Because Of This…. (Rape and Invisible Illness)

This entry is part 1 of 5 in the series: But You Don't Look Sick! Life With An Invisible Illness


adjective: unable to be seen; not visible to the eye


noun: a disease or period of sickness affecting the body or mind

Invisible illness comes in many forms, in many symptoms, and attacks each person differently. It can be a physical or mental illness, or both. There is no one type of invisible illness. Today we are going to introduce you to a strong woman who has been through things some of us can’t even imagine.  Unfortunately, what she has gone through happens to other people in this world on a daily basis.

Did you know that one in four women will be sexually assaulted in their lifetime? One in Four – that  boils down to 1.3 women are being raped in this country per minute…PER MINUTE.

That’s an insane statistic, one that we should be ashamed is happening in our modern world!

As you’ve read these last few sentences no less than three rapes have occurred, those are the ones that have been reported.

That number doesn’t take into account the sexual assaults that have been kept secret because the victims are made to feel like liars, or are shamed into silence.

This is the world we live in, and in this world invisible illness is king.

Today we are going to hear from one brave woman who has survived the unthinkable.

 With that said, let me introduce this week’s Voice of Invisible Illness:

Jill Udart: Invisible Illness- Clinical Depression and Anxiety Disorder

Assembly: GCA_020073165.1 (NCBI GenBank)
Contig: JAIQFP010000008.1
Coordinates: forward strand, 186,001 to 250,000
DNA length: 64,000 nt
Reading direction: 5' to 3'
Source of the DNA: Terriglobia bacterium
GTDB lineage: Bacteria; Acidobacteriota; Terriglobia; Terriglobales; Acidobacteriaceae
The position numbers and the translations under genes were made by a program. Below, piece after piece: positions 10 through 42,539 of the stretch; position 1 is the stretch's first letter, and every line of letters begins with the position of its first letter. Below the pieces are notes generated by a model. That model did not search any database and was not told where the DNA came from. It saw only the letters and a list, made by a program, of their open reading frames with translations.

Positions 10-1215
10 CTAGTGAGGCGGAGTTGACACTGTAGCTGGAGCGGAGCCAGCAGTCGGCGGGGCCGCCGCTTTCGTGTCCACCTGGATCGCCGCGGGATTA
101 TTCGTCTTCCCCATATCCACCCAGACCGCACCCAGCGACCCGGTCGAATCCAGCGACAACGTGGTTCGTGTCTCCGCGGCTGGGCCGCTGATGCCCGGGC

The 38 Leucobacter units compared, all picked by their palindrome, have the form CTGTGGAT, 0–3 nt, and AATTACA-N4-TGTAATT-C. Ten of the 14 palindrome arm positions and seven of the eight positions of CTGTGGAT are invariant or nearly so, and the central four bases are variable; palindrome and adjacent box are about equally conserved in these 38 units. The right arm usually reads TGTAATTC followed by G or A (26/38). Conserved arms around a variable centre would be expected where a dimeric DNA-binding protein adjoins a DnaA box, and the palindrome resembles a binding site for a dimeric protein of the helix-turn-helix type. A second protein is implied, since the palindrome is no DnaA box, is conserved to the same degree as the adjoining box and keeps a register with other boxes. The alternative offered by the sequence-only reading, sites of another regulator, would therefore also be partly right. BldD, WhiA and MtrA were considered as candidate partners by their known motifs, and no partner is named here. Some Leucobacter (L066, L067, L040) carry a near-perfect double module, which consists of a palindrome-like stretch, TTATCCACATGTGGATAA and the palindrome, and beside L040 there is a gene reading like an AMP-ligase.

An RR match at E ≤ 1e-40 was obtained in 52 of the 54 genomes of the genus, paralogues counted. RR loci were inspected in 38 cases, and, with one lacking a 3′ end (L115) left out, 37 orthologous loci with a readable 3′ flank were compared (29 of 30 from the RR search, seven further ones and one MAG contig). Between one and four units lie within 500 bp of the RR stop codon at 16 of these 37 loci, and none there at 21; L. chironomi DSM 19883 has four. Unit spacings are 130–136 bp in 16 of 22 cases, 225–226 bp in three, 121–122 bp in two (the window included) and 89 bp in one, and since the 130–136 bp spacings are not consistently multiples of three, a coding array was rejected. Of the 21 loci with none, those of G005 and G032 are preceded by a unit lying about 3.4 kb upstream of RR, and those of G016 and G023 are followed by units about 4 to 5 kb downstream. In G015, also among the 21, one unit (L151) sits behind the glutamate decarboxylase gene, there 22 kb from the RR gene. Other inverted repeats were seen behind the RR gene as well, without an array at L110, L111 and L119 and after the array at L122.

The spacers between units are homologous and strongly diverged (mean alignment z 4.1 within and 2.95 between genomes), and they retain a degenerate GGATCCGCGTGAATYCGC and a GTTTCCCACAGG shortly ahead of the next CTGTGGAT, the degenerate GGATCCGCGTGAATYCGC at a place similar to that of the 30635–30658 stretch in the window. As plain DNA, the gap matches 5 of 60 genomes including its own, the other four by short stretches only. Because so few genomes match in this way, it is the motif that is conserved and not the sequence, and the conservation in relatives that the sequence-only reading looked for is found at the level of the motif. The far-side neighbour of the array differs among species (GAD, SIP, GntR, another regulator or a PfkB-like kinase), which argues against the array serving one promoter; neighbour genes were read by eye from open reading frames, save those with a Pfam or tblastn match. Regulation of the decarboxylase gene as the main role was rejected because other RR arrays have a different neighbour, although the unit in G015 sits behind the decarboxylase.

I was sexually molested when I was just eight years old by my first step-father.  My mother did not believe me. I never told anyone until I was thirty-one after he had died.

My toxic narcissist mother programmed me to feel worthless and to be afraid of everything.

Because of this, I was diagnosed with Clinical Depression and Anxiety Disorder.
I am on meds now, so I can control these feelings on the outside, but they still haunt my insides, my mind, and my soul.

Because of this, I never had any children. It was my choice not to spread my mother’s gene pool any further.

I think I started menopause 10 years early because I never had children. I used to be a cigarette smoker. I cannot maintain healthy relationships.  I’ve fallen in love three times, the men were all the same: they didn’t finish high school, they were unemployed and lastly, they were alcoholics.

It was the typical “I want to fix them” story.

I do not experience happiness or joy the way I should.  I just maintain one level emotion: medium.

When my mother was diagnosed with terminal cancer, I lived 8 states away and could not afford to see her one last time. I called her sobbing to tell her that I loved her very much and that I would miss her terribly.

Her response was:

“You’ve kept me out of your life for so long, why should this be any different?”

I was speechless.

She didn’t say she loved me

She didn’t say she would miss me.

I was crushed.

When she died, I found out that she had disinherited me in her last will and testament.  She left everything to my older brother – her Golden Child – who is unemployed, lived with her and has been an alcoholic for 30+ years.  My brother inherited a paid off house in Florida, a brand new paid off car and her $10,000 dollar diamond ring that I was supposed to receive.

My mother managed to hurt me one last time – from the grave.

I am alone now and do not foresee finding anyone to spend the rest of my life with. Why would anyone want someone as broken as me?

I may be alone, but I am not lonely because I have perfected my alone time since childhood.